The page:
In Peckinpah’s Westerns from Ride the High Country through Jr. Bonner, identity clings to lives and lifestyles that seem perennially on the road to extinction. But the plight of the Peckinpah “hero,” residing in a world where even the notion of heroism is ambiguous, is more complicated than the simple fact of his propensity to vanish from the historical scene. Peckinpah’s films ultimately seek to reconcile the necessity and the futility of a Romantic worldview, a dialectic which is important in evaluating Peckinpavian morality and, subsequently, in understanding Peckinpah’s characters within that context. The two sides of that dialectic are often manifested in different characters within a given film: Jr. and Buck here, Billy the Kid and Pat Garrett, Ride the High Country‘s Steve Judd and Gil Westrum. All these pairs in some way suggest unities; they are seen not as separate entities inherently antagonistic, but as outgrowths of the same passing world who have been unnaturally wrenched into positions of fatal contravention.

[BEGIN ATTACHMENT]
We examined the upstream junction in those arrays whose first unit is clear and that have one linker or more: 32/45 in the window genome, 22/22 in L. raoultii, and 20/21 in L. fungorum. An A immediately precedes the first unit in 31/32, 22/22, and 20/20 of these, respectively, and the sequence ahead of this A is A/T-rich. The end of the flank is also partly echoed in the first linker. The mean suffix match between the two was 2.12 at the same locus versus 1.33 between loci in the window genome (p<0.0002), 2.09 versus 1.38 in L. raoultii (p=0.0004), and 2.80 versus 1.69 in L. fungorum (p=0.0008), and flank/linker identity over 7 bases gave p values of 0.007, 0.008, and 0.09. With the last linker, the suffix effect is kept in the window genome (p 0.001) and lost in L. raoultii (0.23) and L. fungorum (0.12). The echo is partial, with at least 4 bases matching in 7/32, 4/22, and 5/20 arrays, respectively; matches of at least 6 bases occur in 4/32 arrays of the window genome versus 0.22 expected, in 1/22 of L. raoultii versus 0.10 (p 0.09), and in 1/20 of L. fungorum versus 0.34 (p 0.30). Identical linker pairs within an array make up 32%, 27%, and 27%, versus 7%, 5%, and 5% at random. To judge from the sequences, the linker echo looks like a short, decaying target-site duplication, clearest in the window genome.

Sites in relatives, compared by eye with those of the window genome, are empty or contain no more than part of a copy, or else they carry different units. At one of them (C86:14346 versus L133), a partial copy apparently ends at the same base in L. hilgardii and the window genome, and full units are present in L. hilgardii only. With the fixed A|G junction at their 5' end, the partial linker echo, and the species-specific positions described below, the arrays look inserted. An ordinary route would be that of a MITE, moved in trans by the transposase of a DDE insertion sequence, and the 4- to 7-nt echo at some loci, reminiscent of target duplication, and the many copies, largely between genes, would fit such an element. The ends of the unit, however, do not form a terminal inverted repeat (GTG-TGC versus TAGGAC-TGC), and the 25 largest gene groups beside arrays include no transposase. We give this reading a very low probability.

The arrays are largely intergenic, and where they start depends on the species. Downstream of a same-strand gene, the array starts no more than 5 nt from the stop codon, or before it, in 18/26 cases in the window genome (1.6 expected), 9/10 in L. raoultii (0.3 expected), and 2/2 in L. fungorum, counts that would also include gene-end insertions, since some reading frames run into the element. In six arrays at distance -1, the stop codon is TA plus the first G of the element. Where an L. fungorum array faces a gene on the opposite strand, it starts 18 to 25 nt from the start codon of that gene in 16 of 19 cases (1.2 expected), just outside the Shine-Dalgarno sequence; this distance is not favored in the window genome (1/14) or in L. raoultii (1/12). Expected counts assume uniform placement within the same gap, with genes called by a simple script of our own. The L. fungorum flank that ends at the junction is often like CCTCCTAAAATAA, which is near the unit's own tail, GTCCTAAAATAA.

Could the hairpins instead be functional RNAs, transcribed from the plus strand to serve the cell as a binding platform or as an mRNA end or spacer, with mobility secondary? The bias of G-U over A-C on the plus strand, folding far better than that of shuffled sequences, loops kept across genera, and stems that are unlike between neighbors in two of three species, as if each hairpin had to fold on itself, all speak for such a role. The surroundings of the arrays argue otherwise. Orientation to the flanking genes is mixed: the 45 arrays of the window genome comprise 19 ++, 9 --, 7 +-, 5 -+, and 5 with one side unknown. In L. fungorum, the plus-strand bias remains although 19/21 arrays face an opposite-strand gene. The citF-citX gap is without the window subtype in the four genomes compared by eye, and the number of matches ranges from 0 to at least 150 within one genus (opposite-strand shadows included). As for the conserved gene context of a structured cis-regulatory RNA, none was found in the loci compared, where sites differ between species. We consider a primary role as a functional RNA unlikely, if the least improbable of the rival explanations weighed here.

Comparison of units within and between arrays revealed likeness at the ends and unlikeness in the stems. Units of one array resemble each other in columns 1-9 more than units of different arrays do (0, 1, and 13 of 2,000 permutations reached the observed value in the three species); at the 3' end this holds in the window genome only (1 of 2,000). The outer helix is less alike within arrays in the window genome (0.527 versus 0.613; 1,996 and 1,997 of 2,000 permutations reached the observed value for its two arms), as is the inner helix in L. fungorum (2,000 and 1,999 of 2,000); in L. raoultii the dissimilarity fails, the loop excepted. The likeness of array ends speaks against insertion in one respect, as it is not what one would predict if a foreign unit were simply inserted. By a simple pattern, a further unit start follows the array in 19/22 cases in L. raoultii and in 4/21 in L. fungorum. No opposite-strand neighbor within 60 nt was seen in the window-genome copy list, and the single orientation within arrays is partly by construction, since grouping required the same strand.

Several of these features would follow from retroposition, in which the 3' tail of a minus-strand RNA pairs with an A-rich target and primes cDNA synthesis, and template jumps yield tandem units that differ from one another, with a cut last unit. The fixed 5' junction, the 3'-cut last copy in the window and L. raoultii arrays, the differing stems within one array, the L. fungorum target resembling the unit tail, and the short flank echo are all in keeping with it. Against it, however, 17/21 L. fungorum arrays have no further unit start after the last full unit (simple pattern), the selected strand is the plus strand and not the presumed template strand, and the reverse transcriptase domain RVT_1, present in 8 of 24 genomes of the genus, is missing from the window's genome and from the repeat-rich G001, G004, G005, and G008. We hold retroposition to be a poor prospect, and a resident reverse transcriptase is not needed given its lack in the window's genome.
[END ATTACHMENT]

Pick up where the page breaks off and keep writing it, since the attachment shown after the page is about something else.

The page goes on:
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The Ballad of Cable Hogue

[Originally published in Film Comment Volume 17 Number 1, January/February 1981]

“If I cannot rouse heaven,” says the Reverend Joshua Duncan Sloane (David Warner) in The Ballad of Cable Hogue, “I intend to raising hell.” It’s the hell-raising in the cinema of Sam Peckinpah that has most claimed the attention of both the director’s adverse critics and the contingent of the audience Pauline Kael has termed “the thugs”; heaven has rarely entered the discussion. Yet when Steve Judd (Joel McCrea) states, in Ride the High Country, “All I want is to enter my house justified,” the spiritual authenticity is unmistakable. And it doesn’t spring from institutionalized virtue, even if the rhetoric sounds vaguely churchified. (Peckinpah borrowed the line from his father.) Elsewhere in Ride the High Country, Judd trades Biblical quotations with a pathological fire-and-brimstone type (R.G. Armstrong), each of them footnoting chapter and verse; but the last word belongs to Judd’s partner, Gil Westrum (Randolph Scott), who cuts across their dialogue to compliment Fire-and-Brimstone’s daughter, “Miss Knudsen, you cook a lovely ham hock,” then glances at Judd: “Appetite, Chapter One.”

The Ballad of Cable Hogue is one of the most joyously earthy movies ever made. It’s also quite heavenly. That both qualities are valid in the film traces from their inextricability. And the inextricability has a lot to do with Cable Hogue‘s being a very funny movie.